The following is an excerpt from Gotham Travel Writing instructor David Farley's essay titled, "Uncomfortably Numb," from the recently published anthology of true travel stories, The Best Travelers' Tales 2004: True Stories from Around the World (Traveler's Tales Guides, Inc., March 2004)
Uncomfortably Numb (Excerpt from the essay in The Best Travelers' Tales 2004)
Thanks to growing up with two older sisters and a brother, I've always been able to distinguish Molly Hatchet from Nazareth, recite the words to nearly every Led Zeppelin song, and know that only Ozzy-era Black Sabbath albums are worth listening to. Having a gift for mundane music trivia reaped little if any reward with my fourth grade classmates or little league baseball teammates. Then, in my early-20s, fresh out of college, I moved to the former Soviet Bloc—the Czech Republic to be exact. The Czech Republic is one of the few countries to emerge from communism with relative stability. And its capital, Prague, where I lived for two and a half years, boasts a vibrant music scene. That is, if your auditory proclivity leans toward recycled American and British rock 'n' roll. On any given night in Prague, a club will feature music celebrating obscure 1970s rockdom: The Graham Parsons Project, Foghat, or the Moody Blues; occasionally clubs would even venture into the 1980s with The Scorpions.
A year into my tenure in Prague, unfortunate circumstance found me in desperate need of a place to live. I was broke and was quickly wearing out my welcome on a friend's couch. Unless something happened, I was days away from limping back to my parents’ house in the very un-Prague-like Los Angeles suburbs.
That's when I found myself waiting for the bus one afternoon in the Prague's Vrsovice district, a leafy neighborhood not far from the city center. Despite being a warm August day, I felt cold. I bunched up my jacket and looked down the busy street for the bus. It wasn't anywhere in sight. I glanced up at the typical socialist-era apartment block in front of me. The 20-floor building towered high above the surrounding late-19th century and 1930s-era buildings akin to an unnaturally large junk heap, a functional obelisk-like reminder of an age the Czechs would prefer to forget. Colorful laundry was strewn across its balconies. Years of neglect and smog had turned the paint a spotty jaundiced hue. Still, its general run-down state was attractive. It warmed me. The people living there seemed to have everything I wanted: friends, a job, a room to sleep in that wasn’t littered with empty beer bottles and overflowing ashtrays. They were, in a word, rooted. Out of desperation and boredom, I closed my eyes and wished that I too could live in that very building. Then the bus stopped in front of me.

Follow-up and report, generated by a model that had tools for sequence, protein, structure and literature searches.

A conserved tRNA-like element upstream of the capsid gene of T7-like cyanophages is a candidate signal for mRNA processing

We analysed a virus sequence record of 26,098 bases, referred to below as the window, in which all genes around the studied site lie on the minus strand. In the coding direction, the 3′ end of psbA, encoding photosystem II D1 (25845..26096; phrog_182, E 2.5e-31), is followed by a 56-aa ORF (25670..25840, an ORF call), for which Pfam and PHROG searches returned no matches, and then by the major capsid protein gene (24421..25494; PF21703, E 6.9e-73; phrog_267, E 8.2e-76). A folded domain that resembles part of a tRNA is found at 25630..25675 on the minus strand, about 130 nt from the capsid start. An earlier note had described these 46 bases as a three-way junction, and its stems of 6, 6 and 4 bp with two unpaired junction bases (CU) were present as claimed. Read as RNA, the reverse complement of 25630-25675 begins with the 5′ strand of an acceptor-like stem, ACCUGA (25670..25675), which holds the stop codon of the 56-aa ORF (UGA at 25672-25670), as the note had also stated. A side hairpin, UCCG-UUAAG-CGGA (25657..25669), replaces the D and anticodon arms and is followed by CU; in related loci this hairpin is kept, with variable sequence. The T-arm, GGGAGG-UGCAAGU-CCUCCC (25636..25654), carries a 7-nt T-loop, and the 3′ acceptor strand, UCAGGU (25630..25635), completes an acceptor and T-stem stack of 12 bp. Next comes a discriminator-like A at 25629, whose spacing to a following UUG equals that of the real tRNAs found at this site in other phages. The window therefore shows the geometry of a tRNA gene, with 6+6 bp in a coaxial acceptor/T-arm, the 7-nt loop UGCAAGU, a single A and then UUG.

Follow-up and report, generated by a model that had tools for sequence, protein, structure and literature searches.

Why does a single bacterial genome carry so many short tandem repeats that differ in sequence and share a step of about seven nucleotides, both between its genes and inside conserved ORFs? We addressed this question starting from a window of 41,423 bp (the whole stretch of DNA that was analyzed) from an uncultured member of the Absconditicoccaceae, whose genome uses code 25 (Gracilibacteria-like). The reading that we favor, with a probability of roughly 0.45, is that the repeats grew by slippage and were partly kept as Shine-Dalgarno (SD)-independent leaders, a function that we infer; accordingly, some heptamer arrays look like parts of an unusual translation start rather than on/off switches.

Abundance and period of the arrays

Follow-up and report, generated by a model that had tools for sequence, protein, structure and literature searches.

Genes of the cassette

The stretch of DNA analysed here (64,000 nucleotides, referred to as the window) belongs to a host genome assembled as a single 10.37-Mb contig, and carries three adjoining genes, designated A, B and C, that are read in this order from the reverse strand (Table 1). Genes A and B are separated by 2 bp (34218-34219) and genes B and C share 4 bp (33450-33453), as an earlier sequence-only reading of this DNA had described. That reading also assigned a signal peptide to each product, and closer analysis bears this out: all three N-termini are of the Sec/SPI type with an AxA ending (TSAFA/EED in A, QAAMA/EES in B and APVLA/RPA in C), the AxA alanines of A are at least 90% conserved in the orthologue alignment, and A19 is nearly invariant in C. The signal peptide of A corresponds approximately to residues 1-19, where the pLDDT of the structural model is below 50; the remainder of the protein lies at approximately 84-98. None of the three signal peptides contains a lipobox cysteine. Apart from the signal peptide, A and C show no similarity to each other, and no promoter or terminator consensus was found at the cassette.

Thanks to a 1960s population boom, the Soviets built structures just like this one all over the city. Constructed with bad building materials and even worse foresight, these ugly pre-fabricated pillars of parsimony, called panelak, in Czech, have already started to deteriorate. Once the bus pulled away, I never expected to think about or see that inevitably crumbling building again.
But a week later, a friend told me about an available room she’d heard about. When I called, a friendly man named Jan who spoke good English told me he was looking for a foreigner to rent a room in his friend's apartment—which basically meant he’d hoped to find someone who’d pay higher than usual rent. Even worse, the guy I’d be living with didn’t speak English, and my Czech consisted of a few phrases best used in a pub. He reassured me that Petr Dvorak was a nice guy and that it didn’t matter if we couldn’t verbally communicate. This should have sent large red flags waving through my mind right away. But I was desperate.